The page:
The Singapore stocks to watch amid Trump and Kim's historic meet

Armed police officers stand guard outside the Shangri-La Hotel where US President Donald Trump isl staying ahead of the US-North Korea summit in Singapore on June 12.
Armed police officers stand guard outside the Shangri-La Hotel where US President Donald Trump isl staying ahead of the US-North Korea summit in Singapore on June 12.PHOTO: AFP

SINGAPORE (BLOOMBERG) - There is more than one way to play the Trump-Kim summit in the world of stocks. Apart from the obvious North Asian and US equities that may be impacted by the outcome of US President Donald Trump and North Korean leader Kim Jong Un's meeting, there is another geography investors can consider: Singapore.

 

Its consumer stocks to be precise. The city-state's Sentosa Island will host the historic summit on Tuesday (June 12), where Trump aims to persuade the North Korean dictator to give up his country's nuclear arsenal in exchange for relief from US economic sanctions.

While heightened security during the event could disrupt both tourist and local spending, hotels and restaurants still stand to benefit from the sheer number of visitors, and positive sentiment could spill over into the medium term, some analysts say. The event should generate "a hoohah" in Singapore, and "tourism as well as the consumer sector will likely see a lift" thanks to the influx of international media, said Jarick Seet, head of small- and mid-cap research at RHB Research Institute Singapore.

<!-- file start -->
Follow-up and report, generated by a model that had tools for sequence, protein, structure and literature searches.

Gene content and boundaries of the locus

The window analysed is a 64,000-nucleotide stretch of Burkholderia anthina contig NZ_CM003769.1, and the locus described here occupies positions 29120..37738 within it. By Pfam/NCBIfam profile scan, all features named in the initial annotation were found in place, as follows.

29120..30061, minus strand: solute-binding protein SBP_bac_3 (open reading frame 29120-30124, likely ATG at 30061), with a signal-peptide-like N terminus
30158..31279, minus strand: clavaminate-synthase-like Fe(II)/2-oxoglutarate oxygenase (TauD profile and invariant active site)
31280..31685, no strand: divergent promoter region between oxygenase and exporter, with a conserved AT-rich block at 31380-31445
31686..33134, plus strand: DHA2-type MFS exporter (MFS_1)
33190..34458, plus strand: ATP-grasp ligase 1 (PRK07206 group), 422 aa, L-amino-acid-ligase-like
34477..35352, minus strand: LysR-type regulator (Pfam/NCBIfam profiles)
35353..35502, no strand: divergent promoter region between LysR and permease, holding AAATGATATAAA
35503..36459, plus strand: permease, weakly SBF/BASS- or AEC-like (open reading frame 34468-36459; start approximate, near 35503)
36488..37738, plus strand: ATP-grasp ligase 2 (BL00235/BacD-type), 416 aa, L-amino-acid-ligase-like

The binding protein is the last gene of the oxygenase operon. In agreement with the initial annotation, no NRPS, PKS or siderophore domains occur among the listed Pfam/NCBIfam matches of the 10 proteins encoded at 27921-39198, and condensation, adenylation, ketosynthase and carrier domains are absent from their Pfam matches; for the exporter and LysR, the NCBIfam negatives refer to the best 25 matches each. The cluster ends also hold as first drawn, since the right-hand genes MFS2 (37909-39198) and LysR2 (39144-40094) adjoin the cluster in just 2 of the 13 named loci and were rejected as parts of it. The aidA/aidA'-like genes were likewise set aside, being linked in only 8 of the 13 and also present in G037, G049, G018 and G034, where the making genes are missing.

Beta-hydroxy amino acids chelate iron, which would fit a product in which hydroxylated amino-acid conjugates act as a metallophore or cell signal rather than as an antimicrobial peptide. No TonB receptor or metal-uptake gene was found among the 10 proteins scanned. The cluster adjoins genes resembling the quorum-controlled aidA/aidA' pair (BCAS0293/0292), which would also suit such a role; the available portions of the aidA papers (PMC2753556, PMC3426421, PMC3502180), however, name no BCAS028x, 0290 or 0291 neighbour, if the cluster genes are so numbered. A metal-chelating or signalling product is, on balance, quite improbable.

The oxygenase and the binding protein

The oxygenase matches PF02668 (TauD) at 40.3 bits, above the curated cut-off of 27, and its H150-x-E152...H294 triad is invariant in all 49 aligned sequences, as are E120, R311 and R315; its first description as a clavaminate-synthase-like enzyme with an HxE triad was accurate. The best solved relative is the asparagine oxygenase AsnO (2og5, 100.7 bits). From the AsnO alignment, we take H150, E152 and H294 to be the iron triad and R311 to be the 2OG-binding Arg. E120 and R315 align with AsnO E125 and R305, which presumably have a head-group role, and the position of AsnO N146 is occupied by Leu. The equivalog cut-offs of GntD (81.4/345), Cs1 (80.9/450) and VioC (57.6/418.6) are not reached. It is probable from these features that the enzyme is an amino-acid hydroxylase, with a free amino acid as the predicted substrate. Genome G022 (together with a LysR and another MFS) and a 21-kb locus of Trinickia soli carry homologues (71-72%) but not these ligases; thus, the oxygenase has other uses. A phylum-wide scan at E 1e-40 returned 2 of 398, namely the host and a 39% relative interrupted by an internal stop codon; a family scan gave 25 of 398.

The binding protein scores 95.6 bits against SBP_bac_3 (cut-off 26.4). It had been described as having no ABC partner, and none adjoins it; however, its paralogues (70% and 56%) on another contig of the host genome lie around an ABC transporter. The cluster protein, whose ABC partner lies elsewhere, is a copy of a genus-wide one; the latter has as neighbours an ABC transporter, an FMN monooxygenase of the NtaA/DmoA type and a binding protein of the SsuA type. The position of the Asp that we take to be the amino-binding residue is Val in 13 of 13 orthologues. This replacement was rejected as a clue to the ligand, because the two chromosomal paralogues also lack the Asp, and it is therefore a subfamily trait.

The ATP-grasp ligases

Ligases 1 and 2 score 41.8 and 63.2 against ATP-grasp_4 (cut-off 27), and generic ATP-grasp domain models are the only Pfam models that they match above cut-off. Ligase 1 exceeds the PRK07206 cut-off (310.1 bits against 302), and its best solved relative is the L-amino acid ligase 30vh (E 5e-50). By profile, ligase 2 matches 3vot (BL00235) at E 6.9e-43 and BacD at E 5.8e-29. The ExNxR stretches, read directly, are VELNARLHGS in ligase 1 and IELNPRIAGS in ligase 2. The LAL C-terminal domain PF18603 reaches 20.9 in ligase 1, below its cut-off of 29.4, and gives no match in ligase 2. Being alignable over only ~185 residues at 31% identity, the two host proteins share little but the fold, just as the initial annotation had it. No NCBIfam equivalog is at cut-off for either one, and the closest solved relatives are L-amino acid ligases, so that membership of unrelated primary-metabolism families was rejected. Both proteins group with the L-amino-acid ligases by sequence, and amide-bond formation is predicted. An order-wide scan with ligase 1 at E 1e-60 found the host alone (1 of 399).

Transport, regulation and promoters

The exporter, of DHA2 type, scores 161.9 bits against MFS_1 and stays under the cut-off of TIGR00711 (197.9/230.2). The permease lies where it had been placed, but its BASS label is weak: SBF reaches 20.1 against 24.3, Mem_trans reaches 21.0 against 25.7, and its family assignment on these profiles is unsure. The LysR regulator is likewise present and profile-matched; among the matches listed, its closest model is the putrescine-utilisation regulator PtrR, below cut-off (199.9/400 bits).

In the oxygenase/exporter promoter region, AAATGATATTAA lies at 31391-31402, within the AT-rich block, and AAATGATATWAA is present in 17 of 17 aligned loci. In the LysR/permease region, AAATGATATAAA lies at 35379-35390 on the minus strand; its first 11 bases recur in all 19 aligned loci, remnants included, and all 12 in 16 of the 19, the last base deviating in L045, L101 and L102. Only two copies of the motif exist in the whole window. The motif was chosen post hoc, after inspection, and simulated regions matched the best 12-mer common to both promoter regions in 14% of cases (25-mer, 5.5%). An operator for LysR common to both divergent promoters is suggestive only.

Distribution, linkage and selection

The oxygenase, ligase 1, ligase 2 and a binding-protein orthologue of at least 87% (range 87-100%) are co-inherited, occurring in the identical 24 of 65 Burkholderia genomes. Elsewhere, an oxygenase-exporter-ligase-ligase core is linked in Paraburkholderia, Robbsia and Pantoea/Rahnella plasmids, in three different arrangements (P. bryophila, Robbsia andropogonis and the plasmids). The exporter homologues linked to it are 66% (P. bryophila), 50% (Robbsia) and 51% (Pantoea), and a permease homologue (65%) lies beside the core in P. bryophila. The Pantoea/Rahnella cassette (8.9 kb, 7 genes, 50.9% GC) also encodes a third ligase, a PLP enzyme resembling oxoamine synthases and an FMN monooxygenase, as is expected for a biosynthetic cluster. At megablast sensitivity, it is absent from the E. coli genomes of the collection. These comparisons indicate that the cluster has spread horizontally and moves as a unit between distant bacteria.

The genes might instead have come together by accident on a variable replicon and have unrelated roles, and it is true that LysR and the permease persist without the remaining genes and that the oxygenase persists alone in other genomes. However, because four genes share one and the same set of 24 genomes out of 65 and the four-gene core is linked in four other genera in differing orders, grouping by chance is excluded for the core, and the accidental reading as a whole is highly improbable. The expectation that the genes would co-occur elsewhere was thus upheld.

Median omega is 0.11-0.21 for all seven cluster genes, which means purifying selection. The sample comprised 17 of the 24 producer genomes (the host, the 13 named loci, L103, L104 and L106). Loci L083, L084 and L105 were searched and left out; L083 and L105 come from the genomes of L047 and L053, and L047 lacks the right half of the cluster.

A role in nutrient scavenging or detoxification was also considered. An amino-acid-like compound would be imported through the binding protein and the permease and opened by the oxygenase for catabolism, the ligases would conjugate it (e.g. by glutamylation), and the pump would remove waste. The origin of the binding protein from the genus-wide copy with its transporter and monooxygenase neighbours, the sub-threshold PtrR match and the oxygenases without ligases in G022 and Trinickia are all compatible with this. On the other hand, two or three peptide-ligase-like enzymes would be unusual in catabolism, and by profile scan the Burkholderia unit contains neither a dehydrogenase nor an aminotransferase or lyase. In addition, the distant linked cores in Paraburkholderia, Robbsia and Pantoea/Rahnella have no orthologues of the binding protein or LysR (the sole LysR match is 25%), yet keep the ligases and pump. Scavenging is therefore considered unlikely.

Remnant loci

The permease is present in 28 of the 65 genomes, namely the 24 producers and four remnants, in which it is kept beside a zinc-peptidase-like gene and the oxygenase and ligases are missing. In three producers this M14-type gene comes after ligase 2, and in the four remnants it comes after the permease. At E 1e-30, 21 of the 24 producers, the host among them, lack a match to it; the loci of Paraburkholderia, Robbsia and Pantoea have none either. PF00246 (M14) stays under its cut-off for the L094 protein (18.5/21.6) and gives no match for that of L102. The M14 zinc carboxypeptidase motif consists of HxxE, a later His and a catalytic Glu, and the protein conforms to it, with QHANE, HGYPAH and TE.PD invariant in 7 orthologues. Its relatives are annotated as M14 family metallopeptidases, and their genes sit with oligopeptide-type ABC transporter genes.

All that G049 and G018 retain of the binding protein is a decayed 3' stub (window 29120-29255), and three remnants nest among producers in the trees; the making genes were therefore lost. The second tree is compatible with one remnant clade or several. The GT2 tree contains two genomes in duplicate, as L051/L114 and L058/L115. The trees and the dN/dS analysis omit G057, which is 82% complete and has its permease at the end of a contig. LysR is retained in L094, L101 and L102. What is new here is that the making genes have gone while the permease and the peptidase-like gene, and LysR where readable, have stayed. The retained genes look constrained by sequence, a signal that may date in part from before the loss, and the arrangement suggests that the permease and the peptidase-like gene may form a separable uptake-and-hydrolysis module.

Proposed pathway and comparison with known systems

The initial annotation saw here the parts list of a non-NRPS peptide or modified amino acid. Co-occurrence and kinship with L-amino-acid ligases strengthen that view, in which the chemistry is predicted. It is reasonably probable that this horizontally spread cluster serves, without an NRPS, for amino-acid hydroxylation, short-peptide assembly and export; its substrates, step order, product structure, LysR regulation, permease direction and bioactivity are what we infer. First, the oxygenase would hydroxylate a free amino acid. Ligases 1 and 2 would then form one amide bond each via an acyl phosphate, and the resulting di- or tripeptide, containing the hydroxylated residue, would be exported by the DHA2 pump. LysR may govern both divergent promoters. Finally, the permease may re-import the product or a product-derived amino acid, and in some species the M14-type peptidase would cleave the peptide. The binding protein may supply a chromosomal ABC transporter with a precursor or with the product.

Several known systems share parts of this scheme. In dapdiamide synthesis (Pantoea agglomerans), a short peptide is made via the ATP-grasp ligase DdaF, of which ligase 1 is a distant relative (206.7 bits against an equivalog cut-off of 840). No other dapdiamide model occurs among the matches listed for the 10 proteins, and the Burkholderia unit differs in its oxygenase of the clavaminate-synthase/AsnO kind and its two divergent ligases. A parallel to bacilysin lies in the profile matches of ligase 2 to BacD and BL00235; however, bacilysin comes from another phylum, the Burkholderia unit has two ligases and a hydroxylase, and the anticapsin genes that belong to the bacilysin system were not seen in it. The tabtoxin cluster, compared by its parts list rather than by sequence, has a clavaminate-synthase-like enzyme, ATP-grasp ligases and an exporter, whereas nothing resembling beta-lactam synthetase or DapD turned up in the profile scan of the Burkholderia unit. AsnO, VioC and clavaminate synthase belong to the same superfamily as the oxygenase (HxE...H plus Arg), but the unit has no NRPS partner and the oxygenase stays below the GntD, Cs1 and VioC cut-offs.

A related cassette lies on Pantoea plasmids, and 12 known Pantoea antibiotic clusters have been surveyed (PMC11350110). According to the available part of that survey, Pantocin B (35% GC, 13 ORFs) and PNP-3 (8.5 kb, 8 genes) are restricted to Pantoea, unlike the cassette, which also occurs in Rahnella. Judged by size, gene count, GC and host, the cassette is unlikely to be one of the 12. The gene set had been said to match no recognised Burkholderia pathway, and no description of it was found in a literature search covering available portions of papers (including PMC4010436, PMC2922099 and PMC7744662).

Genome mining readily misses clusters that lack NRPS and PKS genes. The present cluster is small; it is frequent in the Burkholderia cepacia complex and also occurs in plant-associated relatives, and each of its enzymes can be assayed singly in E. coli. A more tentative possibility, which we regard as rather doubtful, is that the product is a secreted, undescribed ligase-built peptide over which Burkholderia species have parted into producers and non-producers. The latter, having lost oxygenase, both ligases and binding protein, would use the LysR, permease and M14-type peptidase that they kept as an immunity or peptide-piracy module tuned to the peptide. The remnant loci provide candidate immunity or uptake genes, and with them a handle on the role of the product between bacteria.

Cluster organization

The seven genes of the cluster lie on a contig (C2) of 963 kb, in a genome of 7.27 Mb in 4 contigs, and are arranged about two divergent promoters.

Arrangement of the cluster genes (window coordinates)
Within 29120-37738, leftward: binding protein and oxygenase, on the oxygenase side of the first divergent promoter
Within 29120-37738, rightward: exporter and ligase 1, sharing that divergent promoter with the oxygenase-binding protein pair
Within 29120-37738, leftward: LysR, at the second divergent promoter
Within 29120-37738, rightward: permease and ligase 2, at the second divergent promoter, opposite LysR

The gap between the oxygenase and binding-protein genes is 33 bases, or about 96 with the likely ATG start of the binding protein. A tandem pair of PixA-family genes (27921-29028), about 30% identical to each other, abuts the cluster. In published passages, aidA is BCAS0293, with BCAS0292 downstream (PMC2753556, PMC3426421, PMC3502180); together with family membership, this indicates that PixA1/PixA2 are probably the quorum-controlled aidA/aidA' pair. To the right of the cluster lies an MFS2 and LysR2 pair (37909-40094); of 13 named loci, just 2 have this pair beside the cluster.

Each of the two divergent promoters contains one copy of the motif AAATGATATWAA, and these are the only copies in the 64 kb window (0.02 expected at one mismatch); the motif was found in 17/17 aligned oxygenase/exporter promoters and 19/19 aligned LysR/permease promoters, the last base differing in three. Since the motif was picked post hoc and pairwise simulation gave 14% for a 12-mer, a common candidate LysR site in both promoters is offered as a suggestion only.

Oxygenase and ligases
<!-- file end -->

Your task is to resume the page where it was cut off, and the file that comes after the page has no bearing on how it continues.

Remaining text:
Shares of Shangri-La Asia, which trades in Singapore and Hong Kong, advanced last week as more summit details emerged, including Singapore's public order establishing a special zone around its flagship hotel for the summit. The event is scheduled to take place at the Capella hotel in Sentosa, which also houses Genting Singapore's Resorts World Sentosa integrated resort.

Here is a look at the consumer shares that might stand to benefit from the event:

Hotels: Shangri-La Asia, Genting Singapore, Hotel Properties, Amara Holdings, CDL Hospitality Trusts, Far East Hospitality Trust, Ascott Residence Trust and OUE Hospitality Trust could be impacted. These companies own hotels in Singapore popular with business travellers.

Food & beverage: Jumbo Group and No Signboard Holdings have some of the most iconic seafood restaurants in Singapore, while Kimly and BreadTalk Group are home-grown brands with stores across the island.

 
 
 

Transport: ComfortDelGro Corp owns Singapore's largest taxi fleet. With thousands of visitors likely to be in town for the summit, it is inevitable that cabs will be in high demand. Singapore Airlines, South-east Asia's biggest airline, and Sats, provider of food solutions and services to the aviation sector, also stand to gain amid an influx of travellers for the event.

But OCBC Bank's head of research Carmen Lee is sceptical the event will benefit local equities.

"The summit is so short, it is unlikely to have any real impact on consumer stocks in June," she said. As some areas have been gazetted off, with stricter security measures, "it could be a slight negative", she added.

Lim Siew Khee, an analyst at CIMB-GK Securities, shares the view that the summit will probably boost consumer and tourism-related stocks in the medium term as it sets the stage for such events in the future. This meeting "reaffirms Singapore as a preferred choice of venue for a high-profile, global summit and arbitration hub", Lim wrote in a June 7 report.